Legislation to overhaul how the U.S. reviews foreign investments could bring greater clarity to an otherwise mysterious process that has become a critical factor in corporate deal-making, attorneys told Bloomberg Law.
Congress is close to passing legislation to update the Committee on Foreign Investment in the U.S., which reviews foreign acquisitions of U.S. companies for national security risks. The bill would focus CFIUS’s attention on “countries of special concern,” for example.
The bipartisan effort, a top priority for both Congress and President Donald Trump, is largely driven by worries about technology-related investments from China.
The legislative details and any resulting regulatory guidelines could make it easier for businesses to understand the CFIUS review process, which is closed to the public, according to lawyers who specialize in foreign investment issues.
“The system is very opaque,” Doreen Edelman, a global trade attorney in the Washington office of Baker Donelson, told Bloomberg Law. “None of us are on the inside of these discussions when they’re made.”
It’s the first such overhaul in about a decade for a government panel that has significantly expanded its focus, raising the stakes for both U.S. businesses and foreign investors. In recent years, the caseload at CFIUS has surged, and a growing number of deals have been blocked or abandoned after a review.
“It used to be that we would look at deals and conclude eight times out of 10 that they had nothing to do with national security and wouldn’t likely raise CFIUS issues,” Judith Alison Lee, an international trade partner at Gibson, Dunn & Crutcher LLP, told Bloomberg Law. “Now, we have to look at these questions much more carefully.”
The legislation, dubbed the Foreign Investment Risk Review Modernization Act, would spell out new requirements and codify existing CFIUS practices in some cases. That would help increase awareness about how the process works, according to Nate Bolin, a partner at Drinker Biddle and Reath LLP.
“Investors like predictability and knowing the costs” of deals, he told Bloomberg Law.
The House overwhelmingly passed a version of the bill June 26, by a 400-2 vote. The Senate’s version is part of a broader defense policy bill. The two versions are expected to be reconciled as part of the House-Senate conference committee on the defense authorization bill.
Trump urged Congress in a June 27 statement to send him the CFIUS bill as quickly as possible. He said he plans to direct his administration to implement it “promptly and enforce it rigorously.”
CFIUS, an interagency body led by the Treasury Department, has broad authority to address national risks posed by foreign investments. In addition to ordering conditions to mitigate security concerns, the committee may advise the president to block or suspend transactions. It can also take steps to unwind deals after the fact when the companies involved haven’t submitted the transaction for review.
“The stakes are huge,” Reid Whitten, a London partner at Sheppard Mullin LLP, told Bloomberg Law, referring to the authority the panel has and its expanding focus.
CFIUS was established by a 1975 executive order. It first came under the national spotlight in 2006 amid concerns about the proposed acquisition of commercial operations at six U.S. ports by Dubai Ports World. The controversial deal led to the 2007 Foreign Investment and National Security Act, which codified CFIUS and updated its procedures, with new congressional oversight provisions.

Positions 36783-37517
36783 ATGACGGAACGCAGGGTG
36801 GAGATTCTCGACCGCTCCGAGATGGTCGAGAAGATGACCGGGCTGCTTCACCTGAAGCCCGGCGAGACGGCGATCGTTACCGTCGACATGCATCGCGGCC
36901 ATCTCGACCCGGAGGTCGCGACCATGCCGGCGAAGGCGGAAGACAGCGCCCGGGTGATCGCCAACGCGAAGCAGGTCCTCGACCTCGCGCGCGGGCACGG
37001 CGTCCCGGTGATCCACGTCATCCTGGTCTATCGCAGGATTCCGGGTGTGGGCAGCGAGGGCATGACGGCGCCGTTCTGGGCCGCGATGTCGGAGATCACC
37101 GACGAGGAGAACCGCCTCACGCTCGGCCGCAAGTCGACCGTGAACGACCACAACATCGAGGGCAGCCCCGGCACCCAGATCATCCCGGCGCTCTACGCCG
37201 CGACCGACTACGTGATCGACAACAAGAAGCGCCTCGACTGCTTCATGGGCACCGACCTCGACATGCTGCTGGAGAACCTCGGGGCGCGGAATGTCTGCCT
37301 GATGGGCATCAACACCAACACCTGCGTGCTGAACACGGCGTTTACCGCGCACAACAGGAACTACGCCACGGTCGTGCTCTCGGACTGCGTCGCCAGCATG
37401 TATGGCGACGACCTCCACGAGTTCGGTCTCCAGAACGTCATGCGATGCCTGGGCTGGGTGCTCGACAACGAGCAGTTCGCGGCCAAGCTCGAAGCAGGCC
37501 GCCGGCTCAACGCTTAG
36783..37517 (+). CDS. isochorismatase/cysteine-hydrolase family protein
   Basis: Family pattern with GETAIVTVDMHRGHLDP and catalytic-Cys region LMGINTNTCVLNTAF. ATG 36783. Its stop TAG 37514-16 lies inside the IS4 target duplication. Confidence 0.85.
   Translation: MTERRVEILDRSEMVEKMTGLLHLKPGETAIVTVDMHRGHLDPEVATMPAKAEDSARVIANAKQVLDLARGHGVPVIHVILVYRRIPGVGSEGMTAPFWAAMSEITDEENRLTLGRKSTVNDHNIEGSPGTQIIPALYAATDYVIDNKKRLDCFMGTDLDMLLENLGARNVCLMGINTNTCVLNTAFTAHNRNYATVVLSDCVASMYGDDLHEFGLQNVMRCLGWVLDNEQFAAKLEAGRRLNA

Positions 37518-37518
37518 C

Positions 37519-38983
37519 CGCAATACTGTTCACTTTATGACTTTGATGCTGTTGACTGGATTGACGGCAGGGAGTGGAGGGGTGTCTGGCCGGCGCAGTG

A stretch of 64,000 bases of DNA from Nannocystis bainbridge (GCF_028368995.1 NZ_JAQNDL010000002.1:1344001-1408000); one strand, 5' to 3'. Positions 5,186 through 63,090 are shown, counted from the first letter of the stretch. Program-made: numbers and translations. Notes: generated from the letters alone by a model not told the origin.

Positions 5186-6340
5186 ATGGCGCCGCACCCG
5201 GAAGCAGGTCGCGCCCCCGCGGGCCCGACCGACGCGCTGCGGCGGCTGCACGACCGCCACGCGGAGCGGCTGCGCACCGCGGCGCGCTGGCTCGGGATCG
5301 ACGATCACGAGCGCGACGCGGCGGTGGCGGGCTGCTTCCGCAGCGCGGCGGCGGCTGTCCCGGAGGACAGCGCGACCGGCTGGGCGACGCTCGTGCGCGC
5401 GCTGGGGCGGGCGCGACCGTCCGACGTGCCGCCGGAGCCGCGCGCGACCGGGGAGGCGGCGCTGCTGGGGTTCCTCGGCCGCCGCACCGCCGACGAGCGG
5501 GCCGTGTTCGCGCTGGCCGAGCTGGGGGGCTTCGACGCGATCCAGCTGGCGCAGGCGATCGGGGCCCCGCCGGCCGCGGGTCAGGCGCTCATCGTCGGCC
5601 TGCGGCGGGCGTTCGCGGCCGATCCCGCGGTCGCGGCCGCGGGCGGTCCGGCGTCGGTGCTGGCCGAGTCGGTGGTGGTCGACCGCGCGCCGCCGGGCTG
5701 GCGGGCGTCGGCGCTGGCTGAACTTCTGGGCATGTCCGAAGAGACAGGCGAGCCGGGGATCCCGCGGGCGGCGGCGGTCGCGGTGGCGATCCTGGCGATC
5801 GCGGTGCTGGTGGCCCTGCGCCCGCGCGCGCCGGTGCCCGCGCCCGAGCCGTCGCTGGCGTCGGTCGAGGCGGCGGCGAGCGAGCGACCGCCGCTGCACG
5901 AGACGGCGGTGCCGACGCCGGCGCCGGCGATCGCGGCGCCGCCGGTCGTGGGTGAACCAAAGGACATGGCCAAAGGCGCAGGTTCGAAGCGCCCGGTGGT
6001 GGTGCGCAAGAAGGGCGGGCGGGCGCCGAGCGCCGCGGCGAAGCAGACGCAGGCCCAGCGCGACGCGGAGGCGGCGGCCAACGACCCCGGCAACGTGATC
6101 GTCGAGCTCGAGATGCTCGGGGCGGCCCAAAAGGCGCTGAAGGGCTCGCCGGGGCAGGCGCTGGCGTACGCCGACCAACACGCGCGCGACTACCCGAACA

Over time, CFIUS’s view of what constitutes a national security risk has expanded to reach a wide range of deals, including those that could jeopardize U.S. economic security, attorneys said.
“What we’re seeing is the exponential expansion of CFIUS’s asserted jurisdiction — not so much the basis for the committee’s views, but what they’re interested in,” Whitten said.
In January, CFIUS concerns prompted Ant Financial, a Chinese company, to walk away from its proposed tie-up with MoneyGram International Inc. U.S. lawmakers warned that the deal would have harmed national security by giving China access to the nation’s financial infrastructure. Trump’s decision in March to block Singapore-based Broadcom Ltd.’s proposed acquisition of Qualcomm Inc. was based on concerns about Chinese advancing past the U.S. in 5G wireless technology.
The legislation would codify CFIUS’s practice of looking at deals that aren’t necessarily full mergers. It would cover non-controlling minority investments, for example. It would add several factors to be considered in a CFIUS review, including whether a transaction is likely to release sensitive personal data of U.S. citizens to a foreign entity that could exploit it.
Whitten said the legislative effort is a mixed bag for businesses. It could help clarify the types of deals that CFIUS is concerned about, but it would also result in new regulatory burdens, such as filing fees and mandatory notification of certain transactions, he said.
Despite the new requirements, the bill enjoys strong support from business groups such as the U.S. Chamber of Commerce, particularly after lawmakers agreed to drop a provision that would have exposed joint venture deals to more rigorous scrutiny.
“With the joint venture change, I think a lot of the concern from the business community has died down,” Lee said.
The CFIUS review process has become time-consuming, largely because CFIUS doesn’t have adequate staff to deal with its growing caseload, Lee said. The proposed filings fees are intended to address that problem.
“I think the existing process has been very difficult for the business community to navigate,” she said. “So, anything that would modernize the process and help to expedite things would be good for companies.”